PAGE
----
“The irony is not lost on me, that I could never have been at the AAR conference in person. Travelling to conferences as a disabled student is getting more and more difficult… I blog so that I can share my developing ideas in a forum that is actually accessible to me.”
Photo: Newspaper on a tube seat. Headline reads “20,000 a day start a blog”. CC Annie Mole, flickr.
Should postgraduate researchers blog?
“Under normalcy, no one is or can be normal, just as no one is or can be equal. All have to work hard to make it seem like they conform, and so the person with disabilities is singled out as a dramatic case of not belonging. This identification makes it easier for the rest to think they fit the paradigm.”
– Lennard Davis, ‘Bodies of Difference: Politics, Disability, and Representation’
Some things have got me thinking more deeply recently about accessibility in academia.
This is the beginning of a series of blog posts on disability and academia, partly based on recent experiences I’ve had as a disabled/neurodivergent attender of academic conferences. Part 2 will be about physical access (oh, and how much fun I’ve had with that over the past year). And there will be a part with recommendations. This part, though, is about my experiences of neurodiversity access at conference. It’s going to be a long one, so I’m dividing it up with headings – readers can jump to the section that they’re most interested in.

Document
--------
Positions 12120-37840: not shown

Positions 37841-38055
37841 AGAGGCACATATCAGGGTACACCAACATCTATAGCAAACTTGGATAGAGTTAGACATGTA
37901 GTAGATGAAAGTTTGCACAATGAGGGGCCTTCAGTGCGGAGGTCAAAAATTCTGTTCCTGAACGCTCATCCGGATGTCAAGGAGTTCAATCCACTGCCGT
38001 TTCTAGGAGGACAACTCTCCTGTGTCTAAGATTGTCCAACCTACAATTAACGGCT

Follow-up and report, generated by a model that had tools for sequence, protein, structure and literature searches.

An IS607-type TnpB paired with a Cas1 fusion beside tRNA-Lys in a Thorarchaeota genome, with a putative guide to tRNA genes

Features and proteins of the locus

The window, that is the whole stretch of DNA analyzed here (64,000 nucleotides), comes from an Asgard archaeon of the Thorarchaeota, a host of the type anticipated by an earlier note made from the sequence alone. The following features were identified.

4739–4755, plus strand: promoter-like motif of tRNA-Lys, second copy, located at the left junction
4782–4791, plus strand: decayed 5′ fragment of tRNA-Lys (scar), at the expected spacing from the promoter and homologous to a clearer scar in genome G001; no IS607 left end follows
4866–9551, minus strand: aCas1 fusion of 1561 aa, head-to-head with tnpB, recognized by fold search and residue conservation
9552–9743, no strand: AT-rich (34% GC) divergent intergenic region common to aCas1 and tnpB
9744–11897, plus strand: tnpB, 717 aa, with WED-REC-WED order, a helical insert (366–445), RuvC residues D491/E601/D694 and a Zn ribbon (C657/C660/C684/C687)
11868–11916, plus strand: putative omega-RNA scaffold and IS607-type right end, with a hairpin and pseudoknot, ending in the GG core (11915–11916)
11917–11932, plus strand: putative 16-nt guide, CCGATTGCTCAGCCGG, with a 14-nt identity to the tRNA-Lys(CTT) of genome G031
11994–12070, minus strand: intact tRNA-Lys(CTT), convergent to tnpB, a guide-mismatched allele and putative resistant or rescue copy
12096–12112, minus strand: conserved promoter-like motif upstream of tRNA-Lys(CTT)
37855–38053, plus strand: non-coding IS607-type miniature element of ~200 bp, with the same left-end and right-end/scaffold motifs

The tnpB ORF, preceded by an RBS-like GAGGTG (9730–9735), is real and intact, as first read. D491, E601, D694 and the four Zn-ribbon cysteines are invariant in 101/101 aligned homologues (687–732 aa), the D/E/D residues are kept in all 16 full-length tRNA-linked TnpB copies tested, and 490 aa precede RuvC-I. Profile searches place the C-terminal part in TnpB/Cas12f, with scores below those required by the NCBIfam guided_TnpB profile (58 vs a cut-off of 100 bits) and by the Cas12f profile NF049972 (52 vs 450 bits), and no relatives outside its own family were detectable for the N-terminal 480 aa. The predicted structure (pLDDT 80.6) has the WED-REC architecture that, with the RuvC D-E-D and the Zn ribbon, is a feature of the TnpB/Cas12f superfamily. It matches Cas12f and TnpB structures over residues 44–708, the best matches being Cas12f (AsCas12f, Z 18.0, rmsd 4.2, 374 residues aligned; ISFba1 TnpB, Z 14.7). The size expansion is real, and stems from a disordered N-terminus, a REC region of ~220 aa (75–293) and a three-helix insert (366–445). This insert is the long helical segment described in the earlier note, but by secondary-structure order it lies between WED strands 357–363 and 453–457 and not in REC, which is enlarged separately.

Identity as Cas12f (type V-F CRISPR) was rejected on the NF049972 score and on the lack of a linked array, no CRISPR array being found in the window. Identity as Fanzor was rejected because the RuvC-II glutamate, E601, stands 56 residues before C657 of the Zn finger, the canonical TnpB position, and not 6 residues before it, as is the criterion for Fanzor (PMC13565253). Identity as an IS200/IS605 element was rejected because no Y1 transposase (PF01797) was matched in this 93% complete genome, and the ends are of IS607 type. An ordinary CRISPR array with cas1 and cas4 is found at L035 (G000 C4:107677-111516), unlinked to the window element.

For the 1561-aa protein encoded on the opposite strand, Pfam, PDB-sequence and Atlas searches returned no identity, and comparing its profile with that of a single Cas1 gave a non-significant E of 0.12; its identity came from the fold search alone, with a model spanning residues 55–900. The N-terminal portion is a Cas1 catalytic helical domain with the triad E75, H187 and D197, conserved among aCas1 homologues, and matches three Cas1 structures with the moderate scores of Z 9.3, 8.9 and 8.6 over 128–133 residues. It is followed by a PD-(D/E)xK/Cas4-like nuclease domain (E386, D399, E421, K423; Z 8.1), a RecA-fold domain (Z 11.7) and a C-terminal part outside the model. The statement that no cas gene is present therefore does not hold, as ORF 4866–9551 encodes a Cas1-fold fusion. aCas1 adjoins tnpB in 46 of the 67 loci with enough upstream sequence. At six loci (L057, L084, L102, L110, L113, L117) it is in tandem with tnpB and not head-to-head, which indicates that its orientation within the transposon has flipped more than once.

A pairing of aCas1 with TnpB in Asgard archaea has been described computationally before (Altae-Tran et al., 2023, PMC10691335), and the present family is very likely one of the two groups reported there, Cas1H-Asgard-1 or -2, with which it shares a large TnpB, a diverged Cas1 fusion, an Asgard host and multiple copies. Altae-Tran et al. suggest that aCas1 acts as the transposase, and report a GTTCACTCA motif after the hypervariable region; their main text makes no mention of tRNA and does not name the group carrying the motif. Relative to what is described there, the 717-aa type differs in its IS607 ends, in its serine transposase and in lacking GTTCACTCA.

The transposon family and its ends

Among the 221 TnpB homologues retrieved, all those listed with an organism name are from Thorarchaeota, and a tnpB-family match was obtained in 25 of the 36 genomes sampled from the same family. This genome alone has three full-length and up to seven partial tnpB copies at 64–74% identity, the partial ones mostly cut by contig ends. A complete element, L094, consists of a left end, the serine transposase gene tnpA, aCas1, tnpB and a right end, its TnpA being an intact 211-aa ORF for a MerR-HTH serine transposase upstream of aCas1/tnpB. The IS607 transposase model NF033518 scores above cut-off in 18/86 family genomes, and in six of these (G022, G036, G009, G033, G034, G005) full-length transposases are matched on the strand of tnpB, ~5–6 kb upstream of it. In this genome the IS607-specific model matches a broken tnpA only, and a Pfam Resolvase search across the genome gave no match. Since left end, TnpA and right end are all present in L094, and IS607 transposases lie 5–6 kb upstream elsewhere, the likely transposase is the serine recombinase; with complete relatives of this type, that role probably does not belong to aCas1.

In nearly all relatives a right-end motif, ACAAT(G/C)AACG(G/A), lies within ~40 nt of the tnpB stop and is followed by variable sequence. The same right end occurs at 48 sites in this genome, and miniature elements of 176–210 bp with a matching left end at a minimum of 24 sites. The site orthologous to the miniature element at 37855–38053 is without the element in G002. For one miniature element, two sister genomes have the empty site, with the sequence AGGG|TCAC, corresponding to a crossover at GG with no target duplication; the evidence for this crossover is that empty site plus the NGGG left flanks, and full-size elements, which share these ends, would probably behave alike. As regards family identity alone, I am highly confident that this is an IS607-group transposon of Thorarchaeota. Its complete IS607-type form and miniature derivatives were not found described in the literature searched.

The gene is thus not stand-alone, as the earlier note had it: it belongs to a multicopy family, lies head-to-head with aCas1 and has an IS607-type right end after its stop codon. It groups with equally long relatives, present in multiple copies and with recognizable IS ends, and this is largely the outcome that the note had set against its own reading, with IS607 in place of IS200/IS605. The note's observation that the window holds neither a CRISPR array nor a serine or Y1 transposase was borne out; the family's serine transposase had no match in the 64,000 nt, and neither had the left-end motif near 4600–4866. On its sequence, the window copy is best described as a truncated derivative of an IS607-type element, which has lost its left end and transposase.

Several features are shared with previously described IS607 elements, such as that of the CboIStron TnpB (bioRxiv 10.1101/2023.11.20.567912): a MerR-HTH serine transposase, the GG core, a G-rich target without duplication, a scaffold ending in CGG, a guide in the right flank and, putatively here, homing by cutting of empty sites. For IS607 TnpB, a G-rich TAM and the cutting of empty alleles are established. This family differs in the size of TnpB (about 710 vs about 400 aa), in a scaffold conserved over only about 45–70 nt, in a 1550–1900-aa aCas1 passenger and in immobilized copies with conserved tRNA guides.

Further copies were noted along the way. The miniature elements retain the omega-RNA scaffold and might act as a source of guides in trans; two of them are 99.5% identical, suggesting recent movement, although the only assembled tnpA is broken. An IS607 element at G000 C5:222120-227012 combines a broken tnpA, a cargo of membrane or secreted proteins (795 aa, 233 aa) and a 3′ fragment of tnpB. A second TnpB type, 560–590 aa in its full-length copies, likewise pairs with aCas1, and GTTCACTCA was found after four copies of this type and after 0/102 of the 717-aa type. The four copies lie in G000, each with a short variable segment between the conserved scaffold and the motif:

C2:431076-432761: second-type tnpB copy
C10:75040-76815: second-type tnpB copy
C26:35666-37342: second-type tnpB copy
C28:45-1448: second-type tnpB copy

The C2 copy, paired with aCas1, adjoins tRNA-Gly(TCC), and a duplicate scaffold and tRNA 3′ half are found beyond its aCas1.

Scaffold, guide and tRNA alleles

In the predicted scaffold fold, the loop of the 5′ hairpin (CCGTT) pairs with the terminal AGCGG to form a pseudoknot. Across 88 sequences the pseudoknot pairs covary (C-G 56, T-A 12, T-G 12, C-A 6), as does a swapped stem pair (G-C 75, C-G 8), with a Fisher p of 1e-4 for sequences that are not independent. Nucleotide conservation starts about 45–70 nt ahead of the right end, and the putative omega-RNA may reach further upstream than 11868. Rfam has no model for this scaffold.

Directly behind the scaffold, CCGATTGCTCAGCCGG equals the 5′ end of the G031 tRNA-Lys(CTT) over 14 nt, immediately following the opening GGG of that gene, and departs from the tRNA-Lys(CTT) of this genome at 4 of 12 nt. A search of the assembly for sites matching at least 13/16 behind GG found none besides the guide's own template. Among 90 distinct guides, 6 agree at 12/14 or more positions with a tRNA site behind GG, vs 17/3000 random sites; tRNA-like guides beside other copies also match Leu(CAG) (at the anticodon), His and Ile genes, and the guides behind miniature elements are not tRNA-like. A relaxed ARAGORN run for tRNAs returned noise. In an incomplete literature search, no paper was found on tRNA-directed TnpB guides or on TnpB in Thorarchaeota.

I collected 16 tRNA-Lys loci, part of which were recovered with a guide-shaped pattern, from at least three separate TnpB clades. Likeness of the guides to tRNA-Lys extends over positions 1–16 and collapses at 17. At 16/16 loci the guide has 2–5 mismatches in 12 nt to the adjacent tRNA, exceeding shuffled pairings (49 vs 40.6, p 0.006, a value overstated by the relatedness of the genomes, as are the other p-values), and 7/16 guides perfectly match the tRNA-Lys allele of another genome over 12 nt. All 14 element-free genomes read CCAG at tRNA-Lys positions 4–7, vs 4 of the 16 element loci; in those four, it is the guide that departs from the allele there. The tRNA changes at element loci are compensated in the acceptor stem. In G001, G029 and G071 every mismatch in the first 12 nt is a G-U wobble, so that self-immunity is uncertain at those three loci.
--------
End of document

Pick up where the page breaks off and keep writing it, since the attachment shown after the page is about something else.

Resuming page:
Image: the Lego Research Institute. Adorable lego researchers with a dinosaur, a microscope, a telescope and other research equipment. Image from the Lego Shop.
In the beginning, I was over-ambitious. When I wrote this post, I firmly believed that my research should be shaped by disabled people who are involved with churches, rather than just by me. I wanted to do a two-stage research project, beginning by talking to as many disabled Christians as possible, and asking them to shape the second stage of the research with me. I hoped that they could be my co-researchers, or at least very active participants, rather than just research ‘subjects’. Continue Reading
Picture: protesters at today’s ‘Hardest Hit’ march, carrying a sign which is partly written in Braille. It reads “We’re being —- by the government.” Someone has written a translation of the Braille word below it: “shafted”. Photograph copyright Lisa Egan.
‘The language of shirkers and scroungers?’ Talking about illness, disability and coalition welfare reform – Disability & Society.
Yesterday’s discussion on the BBC’s You and Yours was about disability, cuts and welfare reform, and featured Where’s the Benefit‘s own Bendy Girl. Some contributors’ comments offered a clear example of how attitudes to disability haven’t really changed much since Victorian times – if not before. Some academic research recently published has been talking about how these attitudes might relate to the way that the government and the media are representing disability at the moment. Academic journal articles are expensive if you’re not at a university, but I think research around disability and society is vitally important, and this article’s conclusions are a late-but-appreciated part of academic debate – so here’s a bit of a summary of the article. Continue Reading